The January 12 death of 74-year-old Claude Berri, who was honored by France’s president, Nicolas Sarkozy, as “the great ambassador of French cinema,” sent me back to my August 1987 Forward interview with Berri, on the eve of the New York opening of his film “Jean de Florette,” which starred Gerard Depardieu. At his suite at the Pierre Hotel, we began with his 1968 autobiographical film, “The Two of Us” (aka “Le Vieux Homme et L’Enfant” — “The Old Man and the Child”), which recounts how, as a child, Berri was hidden with an antisemitic French farmer (played by Michel Simon) during the Nazi occupation of France. “In the United States, they say that I made [that] movie against antisemitism,” said Berri (ne Claude Berel Langmann), whose Polish-Romanian parents were furriers). “But it was not only antisemitism. It was prejudice.” I asked him if he knew Warsaw-born Yiddish-speaking French writer Marek Halter. “Yes,” Berri answered. “He is more involved in the Jewish thing. I am a man of the Occident, a man of the West, not first a Jew. I was born in France, but I can’t say which is first.” Does he perceive the world as a Jew? “Probablement as a Jew…. When I saw Sadat on TV go to the Knesset, it was the greatest emotion of my life.… [But] I can be more close with an Arab than a Jew, depending on the man. It is not a question of Jew or Arab, it was never for me ‘Jew first.’ Many Jews are so fanatique! I was at a large meeting with Marek Halter… people in the arts… most of the audience was Jewish. By talking as I am now, I got insulted! Simply because I said I would be closer to an Arab than a Jew! I cannot accept this fanatisisme!”

“I have seen Jewish people who wear blinders and are shortsighted,” Berri continued. “For them, there is only one color, and it is Jewish.” I explained that in the United States, the Jewish profile covers a wide spectrum, encompassing Jews “from right to left, ultra-Orthodox through fully assimilated.” I asked, “Don’t you think that being Jewish has in a way affected your creativity, work and message?” Berri was adamant: “It is inside me. It is not the prime idee a l’interieur. I don’t develop my Jewish identity, I live it.” I asked: “How do you live it? In America, Jews say, ‘I go to synagogue on the Sabbath,’ or, ‘I give money to charity, the UJA or Israel.’” Berri replied: “By being what you are. You are blond, you are not blond. I am white. I am not black. So I am Jew, of course. But I don’t wake up each morning thinking, ‘I am Jewish.’ I live it.” Persistent, I asked how he does this. “Because [I wrote] and made ‘The Two of Us.’ Because it was part of my life,” he said, adding, “So I am happy to be a Jew, and I am not shameful.”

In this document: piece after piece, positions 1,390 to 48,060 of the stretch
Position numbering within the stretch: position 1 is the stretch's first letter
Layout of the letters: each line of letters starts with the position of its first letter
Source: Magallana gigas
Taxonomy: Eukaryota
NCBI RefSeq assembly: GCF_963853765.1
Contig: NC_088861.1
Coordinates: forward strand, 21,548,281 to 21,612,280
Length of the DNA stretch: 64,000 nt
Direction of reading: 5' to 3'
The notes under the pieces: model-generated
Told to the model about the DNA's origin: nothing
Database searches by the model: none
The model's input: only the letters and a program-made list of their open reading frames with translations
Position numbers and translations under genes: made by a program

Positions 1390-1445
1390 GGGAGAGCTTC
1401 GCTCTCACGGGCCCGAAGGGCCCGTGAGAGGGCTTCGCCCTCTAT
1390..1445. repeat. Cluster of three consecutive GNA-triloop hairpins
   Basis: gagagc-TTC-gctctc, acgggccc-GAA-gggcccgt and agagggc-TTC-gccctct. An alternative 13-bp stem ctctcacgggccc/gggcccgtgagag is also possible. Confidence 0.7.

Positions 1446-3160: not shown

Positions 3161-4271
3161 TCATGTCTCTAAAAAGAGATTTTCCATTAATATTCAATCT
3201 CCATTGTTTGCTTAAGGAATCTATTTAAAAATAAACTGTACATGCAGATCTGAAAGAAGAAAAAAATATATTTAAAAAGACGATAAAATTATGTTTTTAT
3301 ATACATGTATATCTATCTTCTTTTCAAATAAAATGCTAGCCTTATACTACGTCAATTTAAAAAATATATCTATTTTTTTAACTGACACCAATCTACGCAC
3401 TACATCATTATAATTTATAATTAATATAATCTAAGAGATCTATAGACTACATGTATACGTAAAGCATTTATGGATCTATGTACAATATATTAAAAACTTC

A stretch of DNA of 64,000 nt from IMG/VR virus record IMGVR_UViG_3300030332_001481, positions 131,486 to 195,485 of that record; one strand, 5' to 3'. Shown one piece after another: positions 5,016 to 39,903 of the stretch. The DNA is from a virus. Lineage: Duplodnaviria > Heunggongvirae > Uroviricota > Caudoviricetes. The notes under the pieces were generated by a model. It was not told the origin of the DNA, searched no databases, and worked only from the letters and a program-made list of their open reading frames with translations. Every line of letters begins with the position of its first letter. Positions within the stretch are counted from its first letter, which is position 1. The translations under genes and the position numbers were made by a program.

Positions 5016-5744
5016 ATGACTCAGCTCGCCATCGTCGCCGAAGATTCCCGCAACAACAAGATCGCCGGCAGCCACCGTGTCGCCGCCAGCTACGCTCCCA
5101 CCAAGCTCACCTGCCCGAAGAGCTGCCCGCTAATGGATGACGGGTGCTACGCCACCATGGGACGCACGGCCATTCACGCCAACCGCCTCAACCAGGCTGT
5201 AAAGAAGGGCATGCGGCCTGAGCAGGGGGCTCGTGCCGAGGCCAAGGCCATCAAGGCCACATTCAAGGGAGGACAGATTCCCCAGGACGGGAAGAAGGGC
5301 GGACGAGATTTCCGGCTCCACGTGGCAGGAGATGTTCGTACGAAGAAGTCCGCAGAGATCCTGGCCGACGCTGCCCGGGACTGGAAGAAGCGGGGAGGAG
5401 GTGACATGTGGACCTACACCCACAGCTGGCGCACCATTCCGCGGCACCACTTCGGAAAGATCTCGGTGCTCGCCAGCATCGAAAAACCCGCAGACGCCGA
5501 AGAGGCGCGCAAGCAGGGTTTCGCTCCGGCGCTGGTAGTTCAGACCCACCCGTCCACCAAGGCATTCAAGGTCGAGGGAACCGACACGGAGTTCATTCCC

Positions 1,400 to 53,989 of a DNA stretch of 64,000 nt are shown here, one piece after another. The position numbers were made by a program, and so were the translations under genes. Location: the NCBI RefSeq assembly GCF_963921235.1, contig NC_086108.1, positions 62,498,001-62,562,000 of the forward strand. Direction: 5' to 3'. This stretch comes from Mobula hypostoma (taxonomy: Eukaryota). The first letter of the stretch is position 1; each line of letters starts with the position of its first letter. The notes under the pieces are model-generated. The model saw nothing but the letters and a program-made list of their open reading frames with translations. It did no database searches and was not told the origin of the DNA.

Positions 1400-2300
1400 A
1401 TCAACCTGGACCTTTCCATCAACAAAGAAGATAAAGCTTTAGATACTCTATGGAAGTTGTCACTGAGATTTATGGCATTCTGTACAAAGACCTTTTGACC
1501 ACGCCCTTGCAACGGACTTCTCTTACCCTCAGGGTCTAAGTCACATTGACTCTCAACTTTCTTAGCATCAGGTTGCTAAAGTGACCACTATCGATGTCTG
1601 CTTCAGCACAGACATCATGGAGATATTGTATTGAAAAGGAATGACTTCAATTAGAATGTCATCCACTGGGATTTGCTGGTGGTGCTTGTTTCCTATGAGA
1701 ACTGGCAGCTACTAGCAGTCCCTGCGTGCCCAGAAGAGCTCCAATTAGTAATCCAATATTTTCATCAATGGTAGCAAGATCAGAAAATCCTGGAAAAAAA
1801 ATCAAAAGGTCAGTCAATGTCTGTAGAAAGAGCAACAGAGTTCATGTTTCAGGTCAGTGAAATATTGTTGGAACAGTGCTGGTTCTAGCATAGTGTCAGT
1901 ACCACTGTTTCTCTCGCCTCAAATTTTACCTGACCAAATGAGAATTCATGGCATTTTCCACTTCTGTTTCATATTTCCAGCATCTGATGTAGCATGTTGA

I continued: “There are people who perceive everything that happens from the vantage point of, is it good for the Jews? For example, there’s the black humor of a woman reacting to an airplane crash with ‘Thank God there were no Jews on board!’ And then there is The Musical Theatre From Moscow (actually the Soviet Jewish colony of Birobidjan), which had visited New York recently. During a humorous interlude, a comic declared: ‘Everyone of note was Jewish — Albert Einstein, Sarah Bernhardt, Charlie Chaplin, as well as chess masters Karpov and Kasparov’ Outraged, the straight man challenged the comic, ‘But [one of the two] is not Jewish!’ Replied the comic, ‘Ah, but when he wins, he’ll become Jewish.” Upset, Berri reacted: “But that is not a joke!”

The artist nourishes himself with the contradictions of the world.… The artist must expunge [the] material of the Jews and antisemites… the good and the evil. The more an artist takes a position in his thought, the less he is an artist… except in some situations.”

The interview ended with our chat about “Jean de Florette,” which I had already seen. (The film opened the next day, to rave reviews.) Dealing with prejudice and small-mindedness in Provence, the movie was based on a classic novel by Marcel Pagnol. Berri insisted that I reserve this part of our interview for my review, so that “the public would not be familiar with the ‘nuts and bolts’ that created the illusion of time and place [in the film],” and so that “the public accept the film as its own ‘reality.’” Berri, whose filmography includes “Manon de Sources,” a sequel to “Jean de Florette,” the autobiographical “Mazel Tov Ou Le Mariage” (“Marry Me, Marry Me”), and collaborations with directors Roman Polanski (“Tess”), Milos Forman (“Valmont”) and Philippe de Broca (“L’Africain”), began his career with a short film, “Le Poulet” (“The Chicken”), financed by family and friends. It was about a boy who tries to save the bird from the soup pot by secretly putting an egg into the nest each day.


I was looking at some chairs in a Queens store. The owner left me alone to browse. The doorbell rang; someone came in, and there was a brief whispered conversation. As the pair parted, I heard “Zay gezunt!” Aha! I approached and asked, “Ir zaynt Litvaks tsi Galitzianer?” The owner just smiled. The visitor doffed his cap and said, in perfect American Yiddish, “Ikh veys nit [I don’t know]. Ikh bin an Italiener [I’m Italian].” Continuing in Yiddish, he explained: “For the past 30 years, I have been a Shabbos goy at [a] temple. The rabbi only spoke Yiddish. So to keep my job, I had to learn.” Only in New York!